Archives for the month of: February, 2014

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The history of discerning God’s will in the Judeo-Christian tradition is a history of moving further and further away from violence and closer and closer to a love that is all inclusive[i].  

Stretching the Objects of Our Love

Our first reading, written up to five centuries before Jesus, aims at limiting the brutality and increasing the love of those who were reading its words.  The author tells us for instance to leave some of the harvest for the poor and traveling foreigners, i.e. to moderate our greed in favor of those in need.  The author also tells us, “You shall not hate in your heart anyone of your kin.”  (Leviticus 19:17)  If one believes that our moral sensibilities evolve, then we understand perhaps why the author is not asking that we love everyone.  It is impossible enough to believe that we can love everyone in our extended families, so let’s start there.  Enemies can be dealt with more severely.

Stretching Some More

Jesus, who stood in this tradition, is pushing the envelope again.  In further attempting to extend love and temper violence, Jesus offers a “third way” between being passive in the face of evil and striking back violently against the perpetrators of evil. The thing that is so striking here is how creative Jesus is.  This creativity is a clue as to how this passage has shaped world history.  (We’ll come back to its historical effect later.)

Resist Lovingly (without Violence)

An extremely important word is missing in our English translations[ii].

“Do not [violently] resist an evildoer.” (Matthew 5:39)

It can almost be a knee jerk reaction to cower into passivity or to strike back in violence.  It can take an enormous amount of creative planning to pull off a non-violent act of loving resistance.

Social Inequities

“But if anyone strikes you on the right cheek, turn the other also.” (Mt 5:39)

At the time of Jesus (and in our time too?), those who are higher up the chain of power have a “right” to humiliate someone of a “lower position.”  In Jesus’ day that meant a property owner, for instance, could slap a tenant farmer on the face.  Jesus says essentially, “You don’t need to fall to your knees in obeisance.  Refuse to be humiliated; no one can name you as less than.  Expose your other cheek as a way of showing that even by slapping that one too, you are not humiliated.  By interrupting the normal pattern of the culture, if even for a moment, the perpetrator will know that you are living a different reality.”  I remember once watching a woman at work who had been laid off.  She wore a big, beautiful hat (like one might wear to church) for the rest of the days she worked there, just typing away in her unbowed self.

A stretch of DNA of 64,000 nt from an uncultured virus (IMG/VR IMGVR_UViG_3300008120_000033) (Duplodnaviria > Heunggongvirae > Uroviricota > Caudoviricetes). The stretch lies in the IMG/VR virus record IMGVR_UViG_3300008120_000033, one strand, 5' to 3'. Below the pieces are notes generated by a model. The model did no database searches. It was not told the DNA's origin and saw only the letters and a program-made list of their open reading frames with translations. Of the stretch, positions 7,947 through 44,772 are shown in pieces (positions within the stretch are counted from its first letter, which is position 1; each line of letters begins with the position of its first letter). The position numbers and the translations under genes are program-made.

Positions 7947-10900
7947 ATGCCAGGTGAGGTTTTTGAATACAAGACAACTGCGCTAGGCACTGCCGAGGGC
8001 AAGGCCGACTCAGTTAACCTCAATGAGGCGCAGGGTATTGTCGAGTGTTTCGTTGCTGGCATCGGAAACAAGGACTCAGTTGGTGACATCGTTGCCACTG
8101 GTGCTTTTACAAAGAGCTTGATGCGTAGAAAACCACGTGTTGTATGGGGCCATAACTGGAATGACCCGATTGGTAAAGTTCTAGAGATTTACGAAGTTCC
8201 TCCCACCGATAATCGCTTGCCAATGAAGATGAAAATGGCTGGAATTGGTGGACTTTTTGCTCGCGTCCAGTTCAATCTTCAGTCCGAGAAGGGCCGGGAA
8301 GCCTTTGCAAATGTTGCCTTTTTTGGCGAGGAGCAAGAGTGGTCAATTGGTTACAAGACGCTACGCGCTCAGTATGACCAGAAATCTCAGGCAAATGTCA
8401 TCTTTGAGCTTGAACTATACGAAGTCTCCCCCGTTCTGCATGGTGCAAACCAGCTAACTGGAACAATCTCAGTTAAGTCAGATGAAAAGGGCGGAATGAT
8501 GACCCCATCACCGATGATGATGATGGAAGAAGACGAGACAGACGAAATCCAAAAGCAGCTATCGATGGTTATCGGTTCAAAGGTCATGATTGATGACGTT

Economic Inequities

“…and if anyone wants to sue you and take your coat, give your cloak as well.” (Mt. 5:40)

A rich person was able to take a poor person’s outer garment as collateral when the rich person loaned money to the poor person.  When the rich person was not paid back, he could take the poor person to court and collect the outer garment.  Jesus is essentially saying, “If he demands your outer garment, give him your undergarments as well.  Show him in front of the judge and everyone what he is doing.  Stand there without clothes and status in your simple, and yet great, status as a human being.  Perhaps your common humanity will touch the lender, whose system is making you even poorer.”  Note the point here is to longingly not violently point to a different set of values and alternative motivations for change.  The bus boycotts of Birmingham are great examples of this.  City Hall was not bombed by the oppressed.  Nor did they go passively on in the face of injustice.  They walked instead of riding the bus, thus bringing the city owned bus system to its knees.  Gandhi making salt from the sea and weaving his own clothes rather than buying these things from the British are other examples.  No violence against the British, but they were defeated anyway, while being treated like equals.

Abusive Power

“…and if anyone forces you to go one mile, go also the second mile.” 
(Mt 5:41)